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  1. #1
    Join Date
    Dec 2003
    Posts
    14

    Question The best way of storing a set of string values

    Hi all,

    I wonder which of the options at the bottom are more standard and acceptable by experienced DB designers. (And why?)

    If we have a database with its web application, and there is an entity which one of its properties has a set of specific string values, for example, PRODUCT entity has property TYPE which has 4 string values 1)CD player 2)MP3 player 3)TV 4)Radio.

    Which option is better?

    ======= Option ONE

    We assign a numerical or string code to those string values and
    design our application to convert the users' data entry to those codes and
    enters that code into the TYPE column of the PRODUCT table.

    When we need reports, our application reads those codes and converts them to the original string values.

    DB
    ----------------------
    PRODUCT table
    TYPE column ---- 1 -- 2 -- 3 -- 4 <- - API - -> -CD player -MP3 player -TV -Radio


    ======= Option TWO

    We create a separate table for TYPE and
    assign Type ID for those string values and
    relate the TYPE table to PRODUCT table.

    When we need reports, we join the tables and read the complete value names.

    DB
    --------------------
    PRODUCT table
    ||
    ||
    TYPE table
    1 CD player
    2 MP3 player
    3 TV
    4 Radio



    ======= Option Three

    Simply, we keep the TYPE property inside the PRODUCT table and
    enter the string values into the TYPE column by their full name

    DB
    ----------------------
    PRODUCT table
    TYPE column ---- -CD player -MP3 player -TV -Radio

    I have many of similar situations. I'd like to know that which one is the most efficient way for storing the predifind set of string values.

    Any help and comment is appreciated.

    Thanks
    Sam

    .

  2. #2
    Join Date
    Dec 2003
    Location
    Canada
    Posts
    710
    IMHO it would be best to have something like:

    Product(ProductID, TypeID,...)

    Type(TypeID,TypeName)

    And join for reporting. However, fewer joins tend to improve reporting performance.

  3. #3
    Join Date
    Dec 2003
    Posts
    14
    Thanks a lot Certus for your reply. So option 2 is preferable.

    I thought storing the values in the entity table with their full name (not coded) [option 3] might save me some processing time compare to option 2 (joining tables) and option 1 (translating coded names by application).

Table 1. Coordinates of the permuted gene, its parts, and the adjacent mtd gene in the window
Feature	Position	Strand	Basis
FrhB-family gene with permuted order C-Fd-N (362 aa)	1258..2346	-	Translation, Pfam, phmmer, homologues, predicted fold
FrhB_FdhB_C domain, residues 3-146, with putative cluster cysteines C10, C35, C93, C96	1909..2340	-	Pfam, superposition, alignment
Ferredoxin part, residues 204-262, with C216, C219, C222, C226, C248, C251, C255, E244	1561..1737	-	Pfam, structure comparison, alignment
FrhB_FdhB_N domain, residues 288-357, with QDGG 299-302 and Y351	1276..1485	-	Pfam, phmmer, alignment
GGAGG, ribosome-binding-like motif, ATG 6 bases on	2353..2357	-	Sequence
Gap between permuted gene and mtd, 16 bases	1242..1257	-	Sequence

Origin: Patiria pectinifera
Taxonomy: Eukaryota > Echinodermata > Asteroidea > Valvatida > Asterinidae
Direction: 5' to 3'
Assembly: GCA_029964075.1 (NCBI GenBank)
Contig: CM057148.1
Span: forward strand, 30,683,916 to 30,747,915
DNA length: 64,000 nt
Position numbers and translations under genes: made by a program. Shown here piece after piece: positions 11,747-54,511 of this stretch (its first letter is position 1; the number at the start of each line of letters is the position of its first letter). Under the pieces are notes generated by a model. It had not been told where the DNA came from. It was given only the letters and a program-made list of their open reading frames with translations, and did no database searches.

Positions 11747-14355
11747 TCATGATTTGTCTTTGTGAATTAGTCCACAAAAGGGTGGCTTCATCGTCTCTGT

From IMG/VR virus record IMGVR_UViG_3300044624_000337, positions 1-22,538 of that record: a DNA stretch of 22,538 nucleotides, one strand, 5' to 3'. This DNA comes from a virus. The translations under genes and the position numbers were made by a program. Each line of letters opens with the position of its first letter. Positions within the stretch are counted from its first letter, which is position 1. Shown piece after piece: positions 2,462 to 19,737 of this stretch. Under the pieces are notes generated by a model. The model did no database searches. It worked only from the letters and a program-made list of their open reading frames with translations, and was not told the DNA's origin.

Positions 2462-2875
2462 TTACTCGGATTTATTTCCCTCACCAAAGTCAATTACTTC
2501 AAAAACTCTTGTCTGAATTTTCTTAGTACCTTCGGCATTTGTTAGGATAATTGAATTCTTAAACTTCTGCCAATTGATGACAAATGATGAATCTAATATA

Apparently, those are not worth it to ignor the common methods.

    Sam

    .

  4. #4
    Join Date
    Sep 2002
    Location
    UK
    Posts
    5,171
    Option 1 is something you should never do: the data is meaningless without the application to interpret it.

    Option 2 (as Certus recommends) is good.

    Option 3 could also be good, if the type names are simple and not subject to frequent changes. But you would still need your separate TYPE table to validate the entries (via a foreign key) - or perhaps a CHECK constraint: otherwise you could end up with data like:
    Code:
    ProductID  Type
    ---------  ----
    1234       TV
    1235       T.V.
    1247       tv
    1278       T V

  5. #5
    Join Date
    Dec 2003
    Posts
    14
    Thank you very much Tony for your explanations. They were what I wanted to hear.

    I was thinking whether mentioning the name codes in documentation is enough or not. Now, I know it is not the proper way.

    Also, I didn’t note that by option 3, putting all types in one column, I would lose the CHECK option for ‘each’ of them.

    Again, I appreciate certus and your help.

    Sam

    .

  6. #6
    Join Date
    Apr 2002
    Location
    Toronto, Canada
    Posts
    20,002
    you could still have the CHECK constriaint

    ... CHECK( type in ('TV','VCR','MP3','CD','radio') )

    however, a new type then requires a structural change (typically never implemented via application code to be issued by users)
    rudy.ca | @rudydotca
    Buy my SitePoint book: Simply SQL

  7. #7
    Join Date
    Dec 2003
    Posts
    14
    Thanks Rudy. I always enjoy your guides and comments.
    I have learned a lot by this thread.

    Thank you all.
    Sam

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